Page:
A few days later, we headed back down from the mountains to The Royal Palm in Marrakesh, a place of unimaginable luxury. The hotel has space in abundance. The main rooms have vertiginous ceilings with elegantly chosen French and Moroccan designs framing the cavernous proportions. The bar is a mint-condition version of an exclusive London gentleman’s club, while the restaurant’s tables are styled classically and elegantly, making you want to rethink your entire crockery, glassware and cutlery set at home.
It was all too rarefied for children on my first inspection (or would be wasted on them at least). But the hotel assured me they would like this place to be for families – and they clearly mean it. The private villas are spacious, sleek, comfortable and very private. If you are likely to wince when your children are doing underwater handstands in the main hotel pool (or indeed if you wish to reunite the sun with your own palest parts) then this is the place.
Our villa garden was large enough for olive and palm trees to grow there, but enclosed and safe. There was also a children’s club, which offered the chance for my offspring to drop in any time from 7am until midnight and stay for 10 minutes or 10 hours. My daughters tend to want their own little friends to play with rather than 24 hours of family time, and the club had carers who continually helped with playtime: dressing up, face painting, mocktail making. There were also tortoises to look after and two miniature tennis courts.
“Don’t get used to this,” I reminded my daughters as they scooted off to dance with Omar and Selma.
Once your children have left your side, you can indulge in the huge gym, squash and tennis courts, a boxing area, weights and yoga rooms, a 25m swimming pool and a fitness coach if you need it. As enormous is an all-singing spa beyond the olive trees. The final attraction is more glamorous still: the villas come with their very own butler, who is as present or invisible as you wish. Not a stitch of clearing up is required; there’s no lighting your own fire pit, or turning up your own private garden hammam, or laying out your poolside towels or restocking the conditioner in your outside shower. “Don’t get used to this,” I reminded myself.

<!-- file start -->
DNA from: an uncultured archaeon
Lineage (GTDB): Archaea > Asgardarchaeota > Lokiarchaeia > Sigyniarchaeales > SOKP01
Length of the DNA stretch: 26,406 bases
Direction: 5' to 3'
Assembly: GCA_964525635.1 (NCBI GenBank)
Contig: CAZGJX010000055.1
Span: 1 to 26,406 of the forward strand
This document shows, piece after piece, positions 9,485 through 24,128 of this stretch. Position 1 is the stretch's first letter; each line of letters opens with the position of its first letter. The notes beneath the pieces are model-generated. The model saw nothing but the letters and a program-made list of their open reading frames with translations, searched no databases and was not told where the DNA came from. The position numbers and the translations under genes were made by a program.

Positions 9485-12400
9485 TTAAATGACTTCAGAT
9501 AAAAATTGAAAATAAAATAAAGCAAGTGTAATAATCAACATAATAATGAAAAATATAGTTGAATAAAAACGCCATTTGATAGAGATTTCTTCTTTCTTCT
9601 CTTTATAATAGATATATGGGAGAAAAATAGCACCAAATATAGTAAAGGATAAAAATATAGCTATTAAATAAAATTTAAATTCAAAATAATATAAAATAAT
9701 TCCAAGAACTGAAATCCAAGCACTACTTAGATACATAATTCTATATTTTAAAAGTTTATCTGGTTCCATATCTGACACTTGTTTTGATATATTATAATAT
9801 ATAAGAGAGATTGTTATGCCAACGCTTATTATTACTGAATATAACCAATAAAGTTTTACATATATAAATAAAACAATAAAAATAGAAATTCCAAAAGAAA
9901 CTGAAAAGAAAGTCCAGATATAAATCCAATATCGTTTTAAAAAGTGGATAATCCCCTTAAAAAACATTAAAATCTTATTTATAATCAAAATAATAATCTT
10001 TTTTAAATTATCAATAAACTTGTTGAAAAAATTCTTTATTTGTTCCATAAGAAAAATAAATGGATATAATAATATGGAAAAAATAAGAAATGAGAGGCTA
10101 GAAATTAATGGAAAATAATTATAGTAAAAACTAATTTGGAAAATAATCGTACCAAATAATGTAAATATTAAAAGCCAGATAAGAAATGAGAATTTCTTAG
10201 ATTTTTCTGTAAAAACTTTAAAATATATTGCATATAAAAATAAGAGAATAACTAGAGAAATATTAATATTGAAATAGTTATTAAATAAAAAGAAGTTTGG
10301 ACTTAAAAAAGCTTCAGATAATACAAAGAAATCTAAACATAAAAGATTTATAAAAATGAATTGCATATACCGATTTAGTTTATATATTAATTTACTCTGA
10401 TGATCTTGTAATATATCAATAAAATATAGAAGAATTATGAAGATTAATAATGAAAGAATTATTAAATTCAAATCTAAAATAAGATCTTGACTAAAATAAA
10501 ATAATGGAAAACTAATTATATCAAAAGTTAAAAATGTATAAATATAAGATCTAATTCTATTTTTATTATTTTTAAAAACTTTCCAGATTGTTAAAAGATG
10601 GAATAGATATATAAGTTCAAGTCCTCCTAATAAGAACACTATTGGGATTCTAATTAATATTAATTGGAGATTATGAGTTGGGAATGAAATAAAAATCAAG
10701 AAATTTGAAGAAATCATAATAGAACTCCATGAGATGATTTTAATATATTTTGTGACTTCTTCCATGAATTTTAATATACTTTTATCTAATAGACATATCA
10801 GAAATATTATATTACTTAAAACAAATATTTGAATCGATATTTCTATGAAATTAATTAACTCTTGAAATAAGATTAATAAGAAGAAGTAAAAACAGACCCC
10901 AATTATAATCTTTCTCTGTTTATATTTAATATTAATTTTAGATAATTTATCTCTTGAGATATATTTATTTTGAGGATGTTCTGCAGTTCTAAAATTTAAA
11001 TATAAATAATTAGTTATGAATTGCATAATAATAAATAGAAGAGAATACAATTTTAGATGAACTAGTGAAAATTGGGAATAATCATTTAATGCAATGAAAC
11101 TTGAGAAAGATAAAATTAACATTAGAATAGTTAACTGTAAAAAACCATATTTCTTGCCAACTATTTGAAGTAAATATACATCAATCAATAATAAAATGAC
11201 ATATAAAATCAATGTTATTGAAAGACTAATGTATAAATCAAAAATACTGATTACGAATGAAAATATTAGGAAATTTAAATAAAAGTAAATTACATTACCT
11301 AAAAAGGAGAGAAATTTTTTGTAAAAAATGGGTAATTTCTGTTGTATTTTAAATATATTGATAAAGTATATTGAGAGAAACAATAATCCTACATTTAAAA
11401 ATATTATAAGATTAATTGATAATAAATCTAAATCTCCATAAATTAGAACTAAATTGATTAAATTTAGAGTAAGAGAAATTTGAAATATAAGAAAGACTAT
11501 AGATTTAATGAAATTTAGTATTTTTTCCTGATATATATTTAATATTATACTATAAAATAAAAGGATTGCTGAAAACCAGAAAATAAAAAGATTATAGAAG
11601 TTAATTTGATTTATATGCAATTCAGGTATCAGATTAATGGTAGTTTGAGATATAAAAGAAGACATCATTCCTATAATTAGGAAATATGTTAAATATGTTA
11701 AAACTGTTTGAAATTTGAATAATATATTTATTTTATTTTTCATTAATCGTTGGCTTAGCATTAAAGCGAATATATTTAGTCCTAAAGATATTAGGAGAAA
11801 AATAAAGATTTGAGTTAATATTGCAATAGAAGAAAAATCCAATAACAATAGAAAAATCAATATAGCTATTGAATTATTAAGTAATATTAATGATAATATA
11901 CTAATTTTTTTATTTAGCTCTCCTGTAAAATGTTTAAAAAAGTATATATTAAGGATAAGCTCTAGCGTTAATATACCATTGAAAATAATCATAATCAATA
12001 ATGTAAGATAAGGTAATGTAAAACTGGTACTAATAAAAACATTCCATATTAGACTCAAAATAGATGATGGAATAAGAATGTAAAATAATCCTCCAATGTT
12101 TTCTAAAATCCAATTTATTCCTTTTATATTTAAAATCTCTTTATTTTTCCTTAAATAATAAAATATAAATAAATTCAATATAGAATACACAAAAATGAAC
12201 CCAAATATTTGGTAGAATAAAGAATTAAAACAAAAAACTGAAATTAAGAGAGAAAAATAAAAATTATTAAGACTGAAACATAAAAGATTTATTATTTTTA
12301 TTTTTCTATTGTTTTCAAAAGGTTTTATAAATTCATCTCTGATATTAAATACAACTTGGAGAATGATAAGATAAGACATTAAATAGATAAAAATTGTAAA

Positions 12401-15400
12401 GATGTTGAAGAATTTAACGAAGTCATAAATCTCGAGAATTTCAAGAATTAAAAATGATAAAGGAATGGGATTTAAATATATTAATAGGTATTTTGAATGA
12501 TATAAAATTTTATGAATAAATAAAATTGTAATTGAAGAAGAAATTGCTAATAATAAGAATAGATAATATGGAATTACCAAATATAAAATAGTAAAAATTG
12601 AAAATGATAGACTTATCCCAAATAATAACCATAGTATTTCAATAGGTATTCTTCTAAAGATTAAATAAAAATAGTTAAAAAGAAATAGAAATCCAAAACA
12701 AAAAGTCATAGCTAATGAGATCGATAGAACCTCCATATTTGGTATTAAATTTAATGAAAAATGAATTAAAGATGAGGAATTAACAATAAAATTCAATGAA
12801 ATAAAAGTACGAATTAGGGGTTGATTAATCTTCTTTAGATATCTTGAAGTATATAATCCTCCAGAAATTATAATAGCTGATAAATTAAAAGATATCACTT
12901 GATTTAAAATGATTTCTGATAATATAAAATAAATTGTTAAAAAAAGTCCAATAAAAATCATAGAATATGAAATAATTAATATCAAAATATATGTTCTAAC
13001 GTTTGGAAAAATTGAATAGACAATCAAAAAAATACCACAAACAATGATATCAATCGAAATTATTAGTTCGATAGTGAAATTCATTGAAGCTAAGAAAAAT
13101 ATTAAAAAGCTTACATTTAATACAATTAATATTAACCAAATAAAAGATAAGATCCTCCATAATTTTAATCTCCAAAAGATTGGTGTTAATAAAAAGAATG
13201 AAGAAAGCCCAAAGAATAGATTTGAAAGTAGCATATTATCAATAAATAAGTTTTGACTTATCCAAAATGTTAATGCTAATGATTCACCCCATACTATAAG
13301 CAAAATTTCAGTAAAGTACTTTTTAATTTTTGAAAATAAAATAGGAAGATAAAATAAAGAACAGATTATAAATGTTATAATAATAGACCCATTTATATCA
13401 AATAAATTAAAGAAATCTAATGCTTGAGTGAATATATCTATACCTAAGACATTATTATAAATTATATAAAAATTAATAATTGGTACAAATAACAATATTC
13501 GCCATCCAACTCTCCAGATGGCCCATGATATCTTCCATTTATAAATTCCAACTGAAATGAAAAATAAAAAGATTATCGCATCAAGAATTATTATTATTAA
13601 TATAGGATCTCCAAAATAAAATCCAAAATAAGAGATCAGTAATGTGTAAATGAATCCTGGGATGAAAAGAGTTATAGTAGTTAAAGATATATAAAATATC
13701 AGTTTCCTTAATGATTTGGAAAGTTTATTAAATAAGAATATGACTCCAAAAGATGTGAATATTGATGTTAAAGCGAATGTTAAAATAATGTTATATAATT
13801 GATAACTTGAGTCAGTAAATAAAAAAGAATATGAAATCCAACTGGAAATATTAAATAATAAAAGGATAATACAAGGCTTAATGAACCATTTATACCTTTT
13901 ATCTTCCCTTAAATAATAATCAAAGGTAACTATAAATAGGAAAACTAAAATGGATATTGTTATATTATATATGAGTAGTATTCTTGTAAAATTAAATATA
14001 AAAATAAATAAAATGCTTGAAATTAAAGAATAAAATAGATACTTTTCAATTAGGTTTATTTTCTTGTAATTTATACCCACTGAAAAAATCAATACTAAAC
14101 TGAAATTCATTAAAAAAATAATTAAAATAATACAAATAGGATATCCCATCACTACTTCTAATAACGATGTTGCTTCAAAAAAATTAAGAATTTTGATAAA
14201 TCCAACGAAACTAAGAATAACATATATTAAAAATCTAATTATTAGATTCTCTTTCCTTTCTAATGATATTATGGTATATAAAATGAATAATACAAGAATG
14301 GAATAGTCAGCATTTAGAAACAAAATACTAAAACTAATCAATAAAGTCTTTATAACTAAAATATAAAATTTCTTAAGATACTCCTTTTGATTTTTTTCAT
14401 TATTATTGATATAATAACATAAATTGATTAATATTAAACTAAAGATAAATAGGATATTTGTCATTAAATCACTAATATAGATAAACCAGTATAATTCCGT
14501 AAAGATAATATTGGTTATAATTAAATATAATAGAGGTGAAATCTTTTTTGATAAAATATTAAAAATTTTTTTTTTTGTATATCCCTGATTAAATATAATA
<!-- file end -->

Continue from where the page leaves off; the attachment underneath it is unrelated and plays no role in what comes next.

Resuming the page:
Wandering back to the villa, I thought about who Morocco would appeal to. For families in Britain, guaranteed good weather is important and after plenty of time standing on uplands moors in icy winds for Countryfile, I can’t get enough. Plus, there’s the chance to practise GCSE-level French on willing, generously spirited fluent Moroccans. And one final thing, if you weren’t already convinced: children are always made very welcome. Often when I turned around I’d catch one of my daughters receiving a kiss on the head, or good-natured lesson on how to shake hands. At a charitable workshop in the High Atlas Mountains, established by the brilliant Eve Branson to support local women who leave education at 12, my daughters were dressed up, whirled around and had photos taken.
“Some Europeans don’t always seem to like other people’s children,” said Abdul one day as he entertained my girls with trinkets and tricks, allowing me time to browse a souk in Marrakesh. We could all get used to this.
Easyjet (0843 104 5000; easyjet.com) files direct to Marrakesh from Gatwick and Manchester; Ryanair (0871 246 0000; ryanair.com) flies direct from Stansted and Luton; British Airways (0844 493 0787; ba.com) flies direct from Gatwick.